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Does LED therapy really heal your skin?

Acne, inflammation, skin aging: LED therapy is claimed to reduce and heal all these unpleasant symptoms every one of us experiences. But does it actually work and how?

In this blog post, we will present you various scientific findings concerning LED therapy and link the studies behind them.

 

TL;DR for the lazy: Red light is proven to enhance wound healing and collagen production, while reducing skin aging, inflammation and wrinkles.

Blue light has an antimicrobial effect being able to kill P. acnes – the main bacterium to cause acne – and various other bacteria. Therefore, it is helpful to treat acne and other superficial infections.  

 

How LED therapy began

Did you know that the health benefits of LED therapy were initially discovered by NASA? 

They found out that their lights which were originally used to enhance plant growth on space missions significantly decreased pain caused by inflammation. 

Subjects treated with red light also showed faster healing of human wounds, burns, and diabetic skin ulcers.[1] [2]

 

 

Many people are skeptical about all these effects. This is understandable because in the end, it is just ordinary light and not some medication with years of development and research. So does research back up NASA's findings?

In short - yes! Let us dive deep into what studies discovered.

What studies say about LED therapy

Interestingly, different wavelengths have completely different effects on our skin. Most research was done on blue and red light. While blue light penetrates the skin only superficially, red light can penetrate deeper due to its longer wavelength. Now we will look closer at the effects that these colors exert.

Anti-aging

A study with 136 volunteers divided the subjects into groups with different red light wavelengths and one control group. The researchers found that the collagen density in the skin highly improved after just 30 days of red light therapy. We all know that collagen is the most important structural protein in connective tissues, including the skin. Aging causes collagen starting to break down. This process starts already at the age of around 20 at a rate of approximately 1%/year.[3] It is the reason why the skin loses its firmness and structure and starts to form fine wrinkles.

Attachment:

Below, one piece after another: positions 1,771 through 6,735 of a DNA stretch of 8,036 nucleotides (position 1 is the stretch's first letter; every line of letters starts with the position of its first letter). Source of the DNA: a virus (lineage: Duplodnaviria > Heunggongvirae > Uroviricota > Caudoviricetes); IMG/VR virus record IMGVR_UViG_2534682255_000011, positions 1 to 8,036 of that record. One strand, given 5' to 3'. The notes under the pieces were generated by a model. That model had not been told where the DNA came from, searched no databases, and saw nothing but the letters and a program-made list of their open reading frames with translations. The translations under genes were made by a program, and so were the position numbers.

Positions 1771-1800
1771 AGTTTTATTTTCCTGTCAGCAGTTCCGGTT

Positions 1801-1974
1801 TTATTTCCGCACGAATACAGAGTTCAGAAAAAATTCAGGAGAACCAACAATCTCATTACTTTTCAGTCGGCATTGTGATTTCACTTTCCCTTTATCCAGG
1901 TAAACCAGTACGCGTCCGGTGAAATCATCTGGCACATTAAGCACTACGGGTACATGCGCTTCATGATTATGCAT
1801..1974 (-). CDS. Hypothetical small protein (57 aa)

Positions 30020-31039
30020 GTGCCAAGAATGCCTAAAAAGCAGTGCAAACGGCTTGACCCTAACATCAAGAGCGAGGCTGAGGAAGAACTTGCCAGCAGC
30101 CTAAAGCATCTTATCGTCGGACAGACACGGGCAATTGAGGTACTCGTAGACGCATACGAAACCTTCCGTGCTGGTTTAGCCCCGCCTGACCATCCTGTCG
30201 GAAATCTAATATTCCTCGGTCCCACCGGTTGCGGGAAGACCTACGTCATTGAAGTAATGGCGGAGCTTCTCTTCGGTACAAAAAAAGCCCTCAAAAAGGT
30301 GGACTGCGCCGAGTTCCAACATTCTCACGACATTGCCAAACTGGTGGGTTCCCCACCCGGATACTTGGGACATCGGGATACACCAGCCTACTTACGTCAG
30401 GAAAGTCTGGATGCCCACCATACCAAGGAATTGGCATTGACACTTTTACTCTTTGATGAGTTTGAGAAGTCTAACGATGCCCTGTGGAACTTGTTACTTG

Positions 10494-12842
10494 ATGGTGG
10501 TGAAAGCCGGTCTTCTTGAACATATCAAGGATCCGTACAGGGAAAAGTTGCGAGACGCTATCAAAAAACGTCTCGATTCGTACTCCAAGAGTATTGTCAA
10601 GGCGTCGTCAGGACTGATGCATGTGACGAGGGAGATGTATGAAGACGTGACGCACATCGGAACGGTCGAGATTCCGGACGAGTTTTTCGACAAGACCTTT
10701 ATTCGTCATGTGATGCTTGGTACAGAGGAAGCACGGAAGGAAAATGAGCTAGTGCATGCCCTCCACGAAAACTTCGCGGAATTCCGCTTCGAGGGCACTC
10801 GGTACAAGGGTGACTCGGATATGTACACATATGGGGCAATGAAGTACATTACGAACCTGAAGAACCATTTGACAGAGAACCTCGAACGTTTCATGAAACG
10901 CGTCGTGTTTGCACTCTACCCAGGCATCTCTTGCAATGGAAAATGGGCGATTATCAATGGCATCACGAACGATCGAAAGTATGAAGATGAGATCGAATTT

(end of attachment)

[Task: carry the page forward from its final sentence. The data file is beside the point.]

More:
However, via a process called biomodulation, red light stimulates fibroblasts, the main cells in connective tissues responsible for collagen production and wound healing.

In their research paper, they showed ultrasonography pictures illustrating the drastic increase in collagen density. Due to copyright reasons, we cannot show the image here but we link it here

The subjects had a clearly visible reduction of fine lines and wrinkles. You can check out some pictures of the amazing results right here.

Acne reduction

Blue light reduces acne through three pathways.

Firstly, blue light is antimicrobial because it causes a chemical reaction on the

skin, whereby porphyrins in the skin are oxidated to free radicals which kill Cutibacterium acnes – the main bacteria to cause acne – and wound pathogens such as S. aureus and P. aeruginosa. Therefore, it is helpful to treat acne and other superficial infections. It is a safe alternative or addition to conventional acne treatments such as tretinoin or antibiotics.

 

Secondly, blue light also slows down oil gland proliferation

 

Finally, inflammation is reduced when applying blue light therapy to the skin.

 

Combining red light and blue light is even more effective to treat acne as red light appears to decrease the oil production of sebaceous glands.

 

Are there any risks linked to LED therapy?

LED technology is nothing new or scary. In fact, we all know that every modern lamp is filled with those small semiconductor light-emitting diodes. They are everywhere, even in the screen of our daily companions - our smartphones and computers. 

 

  2: Image credit: CNX OpenStax, CC BY 4.0 , via Wikimedia Commons

 

Unless you skipped physics class, this graphic should look familiar. It shows the different electromagnetic waves and their wavelength. You might know that everything with a shorter wavelength than visible violet light - and thus higher energy - is detrimental to our human bodies. While UV light can cause sunburns, gamma rays could kill you easily. However, everything with the wavelength of visible light or higher is completely harmless in moderate doses.

 

LED therapy only uses visible light and sometimes infrared, so you can be assured that the treatment is absolutely safe.

However, the eyes should certainly be closed during the procedure because they can be damaged when exposed to intense light. This risk is probably more than obvious - you wouldn't glare directly into the sun, right?